The best part about writing for the screen is how well prepared even the least experienced screenwriter is at the outset. By the time a person decides to write a film, he/she has likely seen hundreds of movies and has subconsciously absorbed all sorts of “rules”—about genre, character, dialogue, action, suspense, and, all things considered, how to satisfy an audience. There’s a danger here too—that the author will fall into the use of formulas and clichés—but if this pitfall is avoided, the serious screenwriter will discover that he/she already knows a lot about the medium of film and can think cinematically with just a modicum of effort. Of course there are still things to learn.
But much of this knowledge will seem to fall into place for the movie writer who’s also been a movie viewer since childhood. Then the screenwriter is free to begin the movie he/she has always wanted to see, the one that somehow didn’t get created in the last century of filmmaking. With talent, perseverance, and the blessing of good luck, the screenwriter will eventually get to page 120 and those meaningful words “FADE OUT.”
First thing to learn: format. The look of a screenplay on a page is distinctive: the font is 12-point Courier, and there are things called “slug lines” that introduce each scene of the script (EXT. KENYAN JUNGLE – DAY). The description that follows is usually laconic: a sketch, not a painting. Dialogue appears approximately down the center of the page, with so-called “parentheticals” occasionally telling us that a character speaks “tearfully,” “angrily,” or however. Descriptions of a scene are broken up by white space—it’s well known that script readers in Hollywood and elsewhere don’t like to see big blocks of text—and there are special methods of dealing with certain closeups called “inserts,” quickly moving scenes called “montages,” and even telephone conversations. In short, correct formatting isn’t intuitive: it has to be learned even if one decides to use formatting software like Final Draft. Fortunately, there are books that teach formatting, the best of them being perhaps David Trottier’s The Screenwriter’s Bible. But wherever one learns it, correct formatting is an essential part of writing a contemporary screenplay, especially if one intends to try to get one’s script produced.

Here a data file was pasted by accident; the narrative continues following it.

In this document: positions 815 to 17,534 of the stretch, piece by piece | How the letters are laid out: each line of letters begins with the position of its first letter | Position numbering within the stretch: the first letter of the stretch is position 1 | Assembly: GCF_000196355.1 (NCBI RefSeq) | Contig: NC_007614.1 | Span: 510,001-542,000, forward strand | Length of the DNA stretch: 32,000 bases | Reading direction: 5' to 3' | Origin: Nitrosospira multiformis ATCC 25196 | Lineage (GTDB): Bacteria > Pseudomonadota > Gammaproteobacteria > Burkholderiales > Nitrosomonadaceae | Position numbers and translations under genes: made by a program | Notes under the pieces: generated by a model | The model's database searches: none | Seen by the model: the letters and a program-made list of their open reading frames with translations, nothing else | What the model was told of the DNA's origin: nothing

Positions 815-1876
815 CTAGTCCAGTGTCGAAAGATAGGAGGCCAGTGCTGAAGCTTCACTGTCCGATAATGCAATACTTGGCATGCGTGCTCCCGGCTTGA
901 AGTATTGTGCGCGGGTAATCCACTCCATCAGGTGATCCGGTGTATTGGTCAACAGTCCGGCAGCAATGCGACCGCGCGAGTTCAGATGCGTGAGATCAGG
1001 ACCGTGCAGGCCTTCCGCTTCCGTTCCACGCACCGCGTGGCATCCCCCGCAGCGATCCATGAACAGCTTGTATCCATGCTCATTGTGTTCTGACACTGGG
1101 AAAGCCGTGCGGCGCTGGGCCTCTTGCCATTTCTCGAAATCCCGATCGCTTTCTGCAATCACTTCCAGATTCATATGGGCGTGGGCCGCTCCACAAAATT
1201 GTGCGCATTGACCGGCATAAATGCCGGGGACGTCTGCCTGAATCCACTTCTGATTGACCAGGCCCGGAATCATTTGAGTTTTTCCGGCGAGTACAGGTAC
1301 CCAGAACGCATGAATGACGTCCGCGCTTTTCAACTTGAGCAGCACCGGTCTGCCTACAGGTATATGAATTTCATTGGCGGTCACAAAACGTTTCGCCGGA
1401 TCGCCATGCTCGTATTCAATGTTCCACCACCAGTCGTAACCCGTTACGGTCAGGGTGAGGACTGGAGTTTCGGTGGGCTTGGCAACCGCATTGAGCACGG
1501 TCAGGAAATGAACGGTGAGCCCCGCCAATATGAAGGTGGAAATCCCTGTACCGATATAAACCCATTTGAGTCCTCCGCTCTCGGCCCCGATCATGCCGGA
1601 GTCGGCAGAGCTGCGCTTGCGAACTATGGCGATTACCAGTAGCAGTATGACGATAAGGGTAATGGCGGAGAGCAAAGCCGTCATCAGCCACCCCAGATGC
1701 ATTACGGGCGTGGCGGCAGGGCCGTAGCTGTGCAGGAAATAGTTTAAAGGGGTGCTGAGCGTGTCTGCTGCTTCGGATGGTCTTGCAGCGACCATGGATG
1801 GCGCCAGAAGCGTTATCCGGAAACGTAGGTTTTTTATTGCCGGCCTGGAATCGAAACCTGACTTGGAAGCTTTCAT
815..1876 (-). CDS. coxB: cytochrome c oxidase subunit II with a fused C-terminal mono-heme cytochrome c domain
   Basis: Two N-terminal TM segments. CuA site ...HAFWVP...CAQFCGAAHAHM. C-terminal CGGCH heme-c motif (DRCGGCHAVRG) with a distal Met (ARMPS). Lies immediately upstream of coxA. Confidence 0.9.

Having mastered the formatting, one can now turn to the good stuff: action. Action in a screenplay doesn’t mean mere physical activity: it means characters striving to attain some end (to find the Maltese Falcon, to get back to Kansas, to beat Apollo Creed), and battling with the obstacles that threaten to stop them. Conventionally, these actions and obstacles emerge within the architecture of the “three-act form.” What this means is that the narrative is broken into three main sections, with narrative moving in a different direction in each segment. Critics of the three-act form feel it’s too constraining (for example, a film like Four Weddings and a Funeral has five acts), but for most writers, it elicits a more surprising, eventful script than they might otherwise write. Many screenwriters include one or two subplots in their work, along with the main action: this can keep the film’s movement from seeming too linear or monotonous. Important too is the concept of the “inciting incident”—an occurrence that takes place no later than page 10 of the screenplay and that sets the film moving in the first of its three directions. Are there fine scripts that exist that do away with the “inciting incident” and three-act form? Sure. But most writers will want to master this architecture before striking out for unfamiliar territory. Even working within the “rules,” one is constantly called upon to innovate: from minute to minute the story must evolve, remain interesting, and feature surprises and reversals. Not one of those 120 pages must ever feel inessential.